Using Nutrition to Promote Addiction Recovery
When looking at nutrition and recovery from addiction, there are many issues to consider. The eating patterns and preferences developed during a period of active substance use can be hard to change. Access to nutritious foods may be difficult and most of all the challenge of completely changing your approach to eating in the midst of trying to recover from a substance use disorder might seem overwhelming. In this article Khary Rigg, Ph.D and Kelly Miller, NTMC introduce us to the importance of nutrition in addiction recovery and highlight some practical, evidence-based actions to consider when advocating for nutritional interventions in recovery care.
Drug addiction is a global concern that has reached epidemic levels in many countries. As a result, there is a worldwide focus on improving outcomes for people in treatment. Unfortunately, addiction treatment outcomes are generally poor. For example, the majority of people who receive treatment return to substance use or report a poor quality of life.
Some of the factors that contribute to poor treatment outcomes include depression, anxiety, insomnia, anger, and drug cravings. These symptoms can sabotage treatment by triggering relapse and early dropout. Innovative strategies to improve treatment outcomes are needed and nutrition therapy is a promising intervention for addressing some of the issues that undermine recovery.
Nutrition therapy uses food to prevent and reverse the course of chronic conditions such as diabetes, heart disease, and arthritis, but rarely is it applied to drug addiction. Research supports using nutrition therapy in an addiction treatment context, but many providers are unaware of how diet can be used to promote recovery. To understand the role that diet can play in recovery, it is important to first acknowledge the nutritional consequences of misusing drugs.
Nutritional Consequences of Drug Misuse
Chronic drug misuse can interact with and change brain chemistry. Some of these brain alterations can cause unhealthy eating patterns and impair metabolic absorption of nutrients. Malnutrition can also be a consequence of drug misuse. It is not uncommon for individuals with addictive disorders to experience unstable housing, have dysfunctional family relationships, and experience criminal justice involvement, all of which make healthy eating more challenging.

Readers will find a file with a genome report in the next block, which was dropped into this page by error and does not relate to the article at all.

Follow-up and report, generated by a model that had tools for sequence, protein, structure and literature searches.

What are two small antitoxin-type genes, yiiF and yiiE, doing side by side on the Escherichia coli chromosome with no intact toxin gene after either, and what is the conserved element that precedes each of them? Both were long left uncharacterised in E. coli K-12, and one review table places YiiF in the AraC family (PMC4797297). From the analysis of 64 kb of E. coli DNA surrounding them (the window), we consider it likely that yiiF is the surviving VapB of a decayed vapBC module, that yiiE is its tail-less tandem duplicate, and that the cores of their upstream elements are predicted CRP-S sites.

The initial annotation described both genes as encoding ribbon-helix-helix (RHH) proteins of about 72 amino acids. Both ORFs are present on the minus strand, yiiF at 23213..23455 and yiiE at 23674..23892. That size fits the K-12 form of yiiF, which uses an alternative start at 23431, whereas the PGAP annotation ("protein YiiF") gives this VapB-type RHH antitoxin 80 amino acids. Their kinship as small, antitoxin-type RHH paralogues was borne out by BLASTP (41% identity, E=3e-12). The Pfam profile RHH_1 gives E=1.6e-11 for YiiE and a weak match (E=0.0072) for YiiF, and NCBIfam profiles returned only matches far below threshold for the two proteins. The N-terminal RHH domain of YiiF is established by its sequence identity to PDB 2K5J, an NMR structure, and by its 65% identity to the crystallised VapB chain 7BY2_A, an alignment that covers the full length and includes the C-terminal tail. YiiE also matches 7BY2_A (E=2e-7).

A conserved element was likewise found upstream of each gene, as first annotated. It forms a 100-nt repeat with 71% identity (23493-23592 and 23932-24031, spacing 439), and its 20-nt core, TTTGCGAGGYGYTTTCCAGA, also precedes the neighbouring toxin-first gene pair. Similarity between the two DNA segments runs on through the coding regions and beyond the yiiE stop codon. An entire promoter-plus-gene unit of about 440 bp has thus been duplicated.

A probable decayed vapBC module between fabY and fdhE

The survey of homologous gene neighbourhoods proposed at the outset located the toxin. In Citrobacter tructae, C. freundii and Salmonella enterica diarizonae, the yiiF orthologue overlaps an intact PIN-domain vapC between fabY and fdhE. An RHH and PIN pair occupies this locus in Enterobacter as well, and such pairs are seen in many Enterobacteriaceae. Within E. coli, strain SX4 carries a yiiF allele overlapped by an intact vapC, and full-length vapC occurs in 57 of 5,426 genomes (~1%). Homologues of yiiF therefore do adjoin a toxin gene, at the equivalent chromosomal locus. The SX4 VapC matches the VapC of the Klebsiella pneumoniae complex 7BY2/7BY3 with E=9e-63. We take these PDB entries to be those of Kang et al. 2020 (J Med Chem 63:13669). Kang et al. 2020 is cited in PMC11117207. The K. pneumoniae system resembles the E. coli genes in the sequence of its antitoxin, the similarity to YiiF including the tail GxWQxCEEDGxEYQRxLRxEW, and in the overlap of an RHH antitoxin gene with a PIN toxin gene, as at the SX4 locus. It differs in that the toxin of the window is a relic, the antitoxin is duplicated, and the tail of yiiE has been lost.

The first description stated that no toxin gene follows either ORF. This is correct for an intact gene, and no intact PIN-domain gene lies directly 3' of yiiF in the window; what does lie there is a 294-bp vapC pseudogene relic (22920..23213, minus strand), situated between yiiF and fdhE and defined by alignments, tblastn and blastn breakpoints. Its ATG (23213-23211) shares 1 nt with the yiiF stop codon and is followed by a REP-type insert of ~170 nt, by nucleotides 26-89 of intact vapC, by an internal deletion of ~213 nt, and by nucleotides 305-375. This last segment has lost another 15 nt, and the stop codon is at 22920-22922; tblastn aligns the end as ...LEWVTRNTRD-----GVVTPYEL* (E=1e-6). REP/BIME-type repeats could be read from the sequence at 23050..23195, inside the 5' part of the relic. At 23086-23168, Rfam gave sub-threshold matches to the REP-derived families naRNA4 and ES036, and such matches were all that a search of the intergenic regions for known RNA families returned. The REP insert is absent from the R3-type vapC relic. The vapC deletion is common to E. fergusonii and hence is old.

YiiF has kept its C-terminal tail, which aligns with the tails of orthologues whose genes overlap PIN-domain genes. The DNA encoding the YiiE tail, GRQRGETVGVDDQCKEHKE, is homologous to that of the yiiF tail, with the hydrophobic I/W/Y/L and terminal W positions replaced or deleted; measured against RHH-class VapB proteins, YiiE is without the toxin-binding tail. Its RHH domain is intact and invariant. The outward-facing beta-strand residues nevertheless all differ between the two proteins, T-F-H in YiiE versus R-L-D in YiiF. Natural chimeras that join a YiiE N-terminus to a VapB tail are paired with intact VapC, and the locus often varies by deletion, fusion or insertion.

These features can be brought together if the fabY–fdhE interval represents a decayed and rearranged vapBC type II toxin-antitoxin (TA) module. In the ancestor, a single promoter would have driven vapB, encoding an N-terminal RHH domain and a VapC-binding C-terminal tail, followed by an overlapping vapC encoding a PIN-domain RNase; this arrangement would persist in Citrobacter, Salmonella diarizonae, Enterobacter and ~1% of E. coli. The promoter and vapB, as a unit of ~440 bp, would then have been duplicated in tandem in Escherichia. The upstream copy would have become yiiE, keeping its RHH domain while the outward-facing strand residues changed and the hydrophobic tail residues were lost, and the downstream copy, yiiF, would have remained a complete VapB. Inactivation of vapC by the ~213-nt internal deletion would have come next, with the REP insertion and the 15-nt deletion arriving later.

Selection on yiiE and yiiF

Individuals whose lifestyles center around misusing drugs may start eating infrequently due to diminished interest in food and appetite suppression from increased dopamine levels. People with addictive disorders also tend to be challenged with food insecurity, the inability to obtain healthy food on a day-to-day basis. Another consideration is that some drugs are xerostomic, reducing saliva needed to prevent tooth decay and gum infection.
Clearly, misusing drugs can negatively impact nutritional status. Some of these issues are due to physical or metabolic changes, while others stem from lifestyle choices and poor oral health. Addiction providers might benefit from giving greater attention to dietary issues during the screening/assessment process and utilizing nutrition therapy as an adjunct to traditional drug treatment.
Nutrition During Acute Detoxification
Acute detoxification (detox), which lasts anywhere from three days to three weeks, is usually the first phase of treatment. The primary goals of detox are to safely manage withdrawal symptoms and stabilize the patient. Common physical withdrawals during detox include nausea, abdominal cramping, vomiting, and diarrhea. What is often overlooked is that while experiencing these symptoms, most individuals suffer from at least one nutrient deficiency due to loss of bodily fluids or lack of appetite. It is important for addiction providers to be aware that these nutrient deficiencies can cause dangerous outcomes such as irregular heartbeat leading to circulatory problems and heart attack.
Patients may begin detox from different starting points in terms of how well they can handle solid foods. For this reason, it may be wise to start slowly to allow the digestive system to ramp up to taking more solid foods. Getting protein into the individual in the most digestible form would be the best place to start. Warm soups or broths like chicken noodle, lentil or beef can be a great choice for helping clients receive more mood stabilizing protein in a form that is easy on the digestive tract. Adding high nutrient protein shakes that include the nine essential amino acids can help the individual reacclimate to taking in nutrient dense food while simultaneously waking up the digestive system.
Cravings for sugar, sweets, and high caffeine energy drinks are normal during the detox phase because the brain is looking for mood stabilization and neurotransmitter stimulation. But consuming these foods and beverages only exacerbates low energy states, anxiety, anxiousness and mood swings. Alternatively, providing low caffeine herbal teas, like green and white tea can be far more beneficial because they contain an amino acid called theanine that helps patients stay alert during the day and increases their sense of calm. Caffeine also suppresses appetite, so limiting intake is paramount in readjusting to normal hunger and satiety hormones. Fruits like grapes, raspberries and apples can also help patients with sugar cravings while providing fiber that helps regulate blood sugar.